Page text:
“Operators are not short of new technologies and services – online video, music and new connected devices – to make their bundles more attractive to new and existing subscribers and to aid wider strategic goals, such as the move to superfast broadband networks and services that span TV, PC and mobile screens,” says Rob Gallagher, a principal analyst and head of broadband & TV research at Informa. “Partnering with ‘over the top’ and connected-device firms offers all the benefits of bigger bundles without the high costs – and risks – operators would otherwise incur.”
Over-the-top (OTT) companies are frequently criticized by operators for getting a “free ride” on their broadband networks, but each party has a different fundamental problem the other could help solve.
The problem for operators is that there are not enough first-time customers for their core services, which is why they need to keep adding new services to their bundles to keep existing subscribers and woo new ones from rivals. The problem for many OTT and connected-device companies is that they do not have enough customers, period. Operator bundles offer a route to attract paying customers that might prove far less time-consuming and much less costly than their free services or conventional retail channels.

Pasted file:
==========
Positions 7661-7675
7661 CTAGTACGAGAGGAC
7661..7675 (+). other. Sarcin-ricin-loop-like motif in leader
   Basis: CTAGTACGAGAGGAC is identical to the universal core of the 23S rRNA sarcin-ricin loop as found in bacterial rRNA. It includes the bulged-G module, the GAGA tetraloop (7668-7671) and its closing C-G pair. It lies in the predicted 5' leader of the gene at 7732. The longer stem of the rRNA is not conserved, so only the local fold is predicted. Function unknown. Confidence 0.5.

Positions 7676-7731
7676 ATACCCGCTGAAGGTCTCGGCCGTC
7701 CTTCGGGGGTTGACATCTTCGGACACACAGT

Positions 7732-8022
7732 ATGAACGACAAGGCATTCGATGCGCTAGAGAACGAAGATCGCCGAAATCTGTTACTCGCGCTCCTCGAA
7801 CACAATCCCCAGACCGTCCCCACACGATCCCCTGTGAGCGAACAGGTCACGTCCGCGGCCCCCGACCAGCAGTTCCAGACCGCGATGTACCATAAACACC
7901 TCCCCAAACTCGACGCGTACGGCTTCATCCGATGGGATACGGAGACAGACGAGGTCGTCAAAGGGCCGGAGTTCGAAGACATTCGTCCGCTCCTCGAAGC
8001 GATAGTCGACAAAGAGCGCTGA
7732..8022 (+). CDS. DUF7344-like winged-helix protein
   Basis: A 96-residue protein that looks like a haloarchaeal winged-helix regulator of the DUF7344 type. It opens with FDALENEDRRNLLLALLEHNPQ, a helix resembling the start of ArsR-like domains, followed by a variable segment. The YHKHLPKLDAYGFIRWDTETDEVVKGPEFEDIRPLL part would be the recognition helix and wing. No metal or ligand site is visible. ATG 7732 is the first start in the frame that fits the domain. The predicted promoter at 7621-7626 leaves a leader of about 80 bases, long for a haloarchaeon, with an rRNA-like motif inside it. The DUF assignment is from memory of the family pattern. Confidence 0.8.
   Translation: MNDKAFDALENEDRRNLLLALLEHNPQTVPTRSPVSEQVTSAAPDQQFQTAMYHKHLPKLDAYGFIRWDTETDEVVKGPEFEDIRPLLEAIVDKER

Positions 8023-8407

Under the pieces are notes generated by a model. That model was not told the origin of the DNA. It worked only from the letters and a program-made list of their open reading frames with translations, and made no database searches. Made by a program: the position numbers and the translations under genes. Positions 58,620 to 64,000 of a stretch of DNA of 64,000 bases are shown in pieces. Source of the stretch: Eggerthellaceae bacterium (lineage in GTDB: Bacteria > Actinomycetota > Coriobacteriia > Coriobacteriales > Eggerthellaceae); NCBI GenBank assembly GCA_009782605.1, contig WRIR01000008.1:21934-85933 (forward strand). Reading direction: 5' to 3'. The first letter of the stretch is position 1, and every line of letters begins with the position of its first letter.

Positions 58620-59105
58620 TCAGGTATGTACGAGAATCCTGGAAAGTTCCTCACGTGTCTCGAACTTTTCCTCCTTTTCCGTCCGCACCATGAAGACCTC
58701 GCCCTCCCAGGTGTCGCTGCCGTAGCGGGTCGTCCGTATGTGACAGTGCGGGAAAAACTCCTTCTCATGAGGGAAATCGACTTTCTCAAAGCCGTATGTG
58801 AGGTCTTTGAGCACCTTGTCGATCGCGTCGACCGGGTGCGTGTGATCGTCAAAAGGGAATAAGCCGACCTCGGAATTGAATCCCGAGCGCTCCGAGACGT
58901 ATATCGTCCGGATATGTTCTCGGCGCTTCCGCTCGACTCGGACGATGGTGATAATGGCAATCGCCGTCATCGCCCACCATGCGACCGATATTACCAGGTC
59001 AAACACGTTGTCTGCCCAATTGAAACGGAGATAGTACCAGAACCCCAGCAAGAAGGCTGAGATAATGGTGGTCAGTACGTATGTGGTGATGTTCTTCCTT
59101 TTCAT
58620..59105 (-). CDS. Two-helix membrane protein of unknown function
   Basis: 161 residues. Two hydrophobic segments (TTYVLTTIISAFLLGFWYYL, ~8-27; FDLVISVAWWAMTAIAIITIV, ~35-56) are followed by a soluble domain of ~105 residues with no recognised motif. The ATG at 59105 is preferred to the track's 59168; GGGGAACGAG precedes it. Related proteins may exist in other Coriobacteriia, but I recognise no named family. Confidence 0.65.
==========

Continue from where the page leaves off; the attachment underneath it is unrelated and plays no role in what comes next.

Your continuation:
“These partnerships do not promise operators the same level of revenues they originally thought they could realize from offering such digital-media services themselves, but it offers numerous other benefits,” Gallagher adds. “Ultimately, bundling’s strength lies in the fact that price, simplicity and convenience will always win out in consumers’ eyes. Technology provides an advantage only when it can enable a company to conclusively outflank the competition in all these regards.
“The question operators and OTT firms alike need to ask themselves is this: What could be more inexpensive, simple and convenient for a consumer than a cheap bundle with a single fee from their existing provider?”